The Who: Bobby McFerrin

Tuesday, December 22, 2009

Robert "Bobby" McFerrin, Jr. (born March 11, 1950) is a vocalist and conductor. He is best known for his 1988 hit song "Don't Worry, Be Happy". He is a ten-time Grammy Award winner.


McFerrin was born in Manhattan, New York, the son of the late operatic baritone Robert McFerrin, and aspiring singer Sarah Cooper.[1] Robert, Sr. was the first African American to be a regular with New York's Metropolitan Opera.
Bobby McFerrin married Debbie Green in 1975. They have three children.[2]

Vocal technique

McFerrin switches rapidly and fluidly between normal and falsetto registers to create polyphonic effects, effectively performing both the main melody and the accompanying parts of songs. He makes use of vocal percussion created both with his mouth and by tapping on his chest. McFerrin is also capable of overtone singing — as used in his song "Drive" from the 2005 DVD Live in Montreal. Such skills made him one of the precursors in the area of beatboxing. A notable document of McFerrin's approach to singing is his 1984 album The Voice, the first solo vocal jazz album recorded with no accompaniment or overdubbing.[3]


McFerrin's song "Don't Worry, Be Happy" was a #1 U.S. pop hit in 1988 and won Song of the Year and Record of the Year honors. McFerrin has also worked in collaboration with instrumental performers including pianists Chick Corea, Herbie Hancock, and Joe Zawinul, drummer Tony Williams, and cellist Yo-Yo Ma.

In 1987, he performed the theme song for the opening credits of Season 4 of The Cosby Show, and soon after also provided the music for a Cadburys chocolate commercial. In 1986, he was the voice of Santa Bear in "Santa Bear's First Christmas" and in 1987 he was the voice of Santa Bear/Bully Bear in the sequel "Santa Bear's High Flying Adventure".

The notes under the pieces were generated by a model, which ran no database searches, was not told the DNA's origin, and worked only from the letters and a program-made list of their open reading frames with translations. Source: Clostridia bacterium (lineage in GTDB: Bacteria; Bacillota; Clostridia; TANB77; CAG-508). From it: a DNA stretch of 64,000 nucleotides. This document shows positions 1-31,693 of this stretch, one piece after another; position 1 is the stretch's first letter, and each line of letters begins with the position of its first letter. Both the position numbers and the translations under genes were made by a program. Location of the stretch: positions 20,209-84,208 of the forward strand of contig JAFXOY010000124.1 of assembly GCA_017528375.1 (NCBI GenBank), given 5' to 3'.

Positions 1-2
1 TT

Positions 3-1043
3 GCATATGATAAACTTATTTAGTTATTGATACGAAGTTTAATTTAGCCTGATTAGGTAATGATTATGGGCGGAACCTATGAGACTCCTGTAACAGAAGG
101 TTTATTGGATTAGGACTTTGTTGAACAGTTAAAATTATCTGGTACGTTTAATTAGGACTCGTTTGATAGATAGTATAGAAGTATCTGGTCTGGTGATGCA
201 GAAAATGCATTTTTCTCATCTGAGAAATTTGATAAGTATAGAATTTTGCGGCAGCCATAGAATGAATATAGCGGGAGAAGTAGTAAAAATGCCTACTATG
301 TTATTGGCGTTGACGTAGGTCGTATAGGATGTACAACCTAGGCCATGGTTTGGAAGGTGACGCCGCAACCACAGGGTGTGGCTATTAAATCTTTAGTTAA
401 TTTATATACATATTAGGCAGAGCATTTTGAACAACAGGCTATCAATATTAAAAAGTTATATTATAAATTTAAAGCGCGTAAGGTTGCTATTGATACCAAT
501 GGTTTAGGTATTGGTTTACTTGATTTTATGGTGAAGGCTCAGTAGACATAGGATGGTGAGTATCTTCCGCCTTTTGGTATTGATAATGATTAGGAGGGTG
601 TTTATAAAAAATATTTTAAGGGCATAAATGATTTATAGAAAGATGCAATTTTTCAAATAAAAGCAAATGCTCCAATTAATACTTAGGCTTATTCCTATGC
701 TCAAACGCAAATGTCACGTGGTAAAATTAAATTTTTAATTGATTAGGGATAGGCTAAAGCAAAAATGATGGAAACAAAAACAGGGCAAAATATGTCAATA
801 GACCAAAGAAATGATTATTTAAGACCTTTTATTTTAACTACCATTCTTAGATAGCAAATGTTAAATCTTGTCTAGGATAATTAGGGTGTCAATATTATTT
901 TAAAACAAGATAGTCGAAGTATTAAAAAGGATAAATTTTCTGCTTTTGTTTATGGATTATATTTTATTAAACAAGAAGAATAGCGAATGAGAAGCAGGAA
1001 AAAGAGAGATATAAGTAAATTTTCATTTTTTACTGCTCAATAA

In 1989, he composed and performed the music for the Pixar short film Knick Knack. The rough cut to which McFerrin recorded his vocals had the words "blah blah blah" in place of the end credits (meant to indicate that he should improvise). McFerrin spontaneously decided to sing "blah blah blah" as lyrics, and the final version of the short film includes these lyrics during the end credits.

Also in 1989, he formed a ten-person 'Voicestra' which he featured on both his 1990 album Medicine Music and in the score to the 1989 Oscar-winning documentary Common Threads: Stories from the Quilt. The song 'Common Threads' has frequently reappeared in some public service advertisements for AIDS. McFerrin also performed with the Vocal Summit

In 1993, he also sang Henry Mancini's Pink Panther theme tune for the movie Son of the Pink Panther. In addition to his vocal performing career, Mr. McFerrin was appointed in 1994 as creative chair of the Saint Paul Chamber Orchestra. He makes regular tours as a guest conductor for symphony orchestras throughout the United States and Canada, including the San Francisco Symphony (on his 40th birthday), the New York Philharmonic, the Chicago Symphony, the Cleveland Orchestra, the Philadelphia Orchestra, the Los Angeles Philharmonic, the London Philharmonic and many others. In his concert appearances, he combines serious conducting of classical pieces with his own unique vocal improvisations, often with participation from the audience and the orchestra. For example, his concerts often end with McFerrin conducting the orchestra in an a cappella rendition of the "William Tell Overture," in which the orchestra members sing their musical parts in McFerrin's vocal style, instead of playing their parts on their instruments.

McFerrin also participates in various music education programs, and makes volunteer appearances as a guest music teacher and lecturer at public schools throughout the U.S. McFerrin has a son, Taylor, and father and son have collaborated on various musical ventures. Taylor has recently been singing, rapping, and playing minimal keyboard accompaniment with Vernon Reid (leader-guitarist of Living Colour) in the eclectic metal-fusion-funk-etc. group Yohimbe Brothers.


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